From Eating Disorder to Health-loving Foodie

Food is one of our greatest sources of pleasure; however, for many women, it can also be a source of anxiety, guilt and shame. This week, we spoke with Megan Roosevelt, Founder and CEO of Healthy Grocery Girl, about her journey from struggling with an eating disorder to a becoming a health-loving foodie who works as a Registered Dietician and nutritionist.

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4word: Why is healthy eating so important?

Megan: I have a lot of goals I want to accomplish. My body needs to be able to keep up! More importantly, if I don’t take care of my body, then I cannot accomplish everything God is calling me to do. God has a plan for each of us, and it’s our responsibility to live out our calling and show the love of Jesus through all we do. When I eat healthy, I am fueling my body to fulfill my purpose and passions.

4word: You have some experience with the flip side of eating healthy, right? Can you tell us more about your struggle with an eating disorder?

Megan: When I was in high school and college I struggled with anorexia, bulimia and abuse of laxatives. It was a depressing, scary and empty time in my life. Luckily I am completely healed from that disease, and I am a better person for what I have gone through. As a dietician, I am able to not only have sympathy, but empathy for others who are struggling with their health in this way.

My eating disorder started with an obsession with appearance and food, but as with most people who struggle with an eating disorder, food is not the root issue. Something is broken. We feel empty and hurt. We don’t know how to fix it, so we control one area in our life that we can: our eating. Yet this is a false promise of comfort, because the very thing we go to escape our brokenness is keeping us captive in the cycle of pain, guilt and shame.

Nutrition to me now has taken on a whole new meaning. I am definitely a foodie! But I love food now for all the good that is does for my body and spirit. I appreciate food and my body. I don’t abuse them.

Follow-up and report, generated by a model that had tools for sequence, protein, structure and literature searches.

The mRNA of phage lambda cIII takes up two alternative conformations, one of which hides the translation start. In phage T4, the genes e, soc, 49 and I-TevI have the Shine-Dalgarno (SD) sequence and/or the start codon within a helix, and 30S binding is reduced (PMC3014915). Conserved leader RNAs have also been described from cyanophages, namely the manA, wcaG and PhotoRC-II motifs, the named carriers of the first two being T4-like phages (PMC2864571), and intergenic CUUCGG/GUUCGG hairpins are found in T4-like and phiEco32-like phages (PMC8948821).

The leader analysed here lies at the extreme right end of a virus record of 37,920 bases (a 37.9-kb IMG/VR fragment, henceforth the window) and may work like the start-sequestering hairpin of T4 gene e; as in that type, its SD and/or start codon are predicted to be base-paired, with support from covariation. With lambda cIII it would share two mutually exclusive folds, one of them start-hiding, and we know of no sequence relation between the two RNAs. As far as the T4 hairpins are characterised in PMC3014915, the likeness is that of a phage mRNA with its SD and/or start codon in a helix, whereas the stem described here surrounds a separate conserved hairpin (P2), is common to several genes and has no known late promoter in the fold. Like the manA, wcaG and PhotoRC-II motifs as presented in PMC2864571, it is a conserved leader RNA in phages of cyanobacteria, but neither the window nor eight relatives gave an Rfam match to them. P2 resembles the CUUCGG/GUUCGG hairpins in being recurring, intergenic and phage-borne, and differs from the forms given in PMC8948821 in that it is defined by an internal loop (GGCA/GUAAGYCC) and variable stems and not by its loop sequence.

When I hear a little voice say, “Your stomach looks fat,” or “Your thighs seem big today,” I replace that lie with the truth: I am beautifully and wonderfully made. I remind myself that glorifying God by living out my purpose is more important than a perfectly flat stomach.

4word: What helped you overcome your eating disorder?

Megan: When I was struggling with my eating disorder, I was very sensitive to the comments people made about my body. If they said I looked skinny, that made me uncomfortable. If they said I looked “healthy,” I interpreted that as looking fat. And comments like, “You should just eat more,” were not helpful.

During that season of my life, I did have one friend around whom I always felt comfortable, because I never felt that she was judging me. I could open up to her and talk about what I was struggling with in my heart. In addition to my faith, that was the most helpful in my healing process.

4word: For women who are struggling with an eating disorder or have friends who are, what advice can you offer about learning to see food and their bodies in a healthy way again?

Megan: Get to know the person and focus on her, not her disease and not her actions. The eating disorder is a coping mechanism for a broken person. Love, accept, listen to and encourage her. Focus on her positive qualities, qualities that have nothing to do with her body, because those with eating disorders often only see the negative in themselves.

It is ultimately the individual’s battle to overcome, and your role as a friend and family member is to love her. Just love her. Of course if she is in serious danger, this may require tough love, in the form of an intervention or taking her to the hospital.

Mothers, I would also look at how you view your body and the words you use regarding food, dieting and your appearance. You are the best role model of what a healthy woman should look like to your daughter. You have an opportunity to teach her what it means to be a real woman – one who loves and accepts her body, who is passionate and driven to do great things and who is confident in her identity in Christ. And remember that it is never, ever too late to start living a healthier life.

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If you want to hear more from Megan, you can visit her blog. And stay tuned, because in two week’s, Megan will be back with some practical tips on how to eat healthy as a busy, working woman.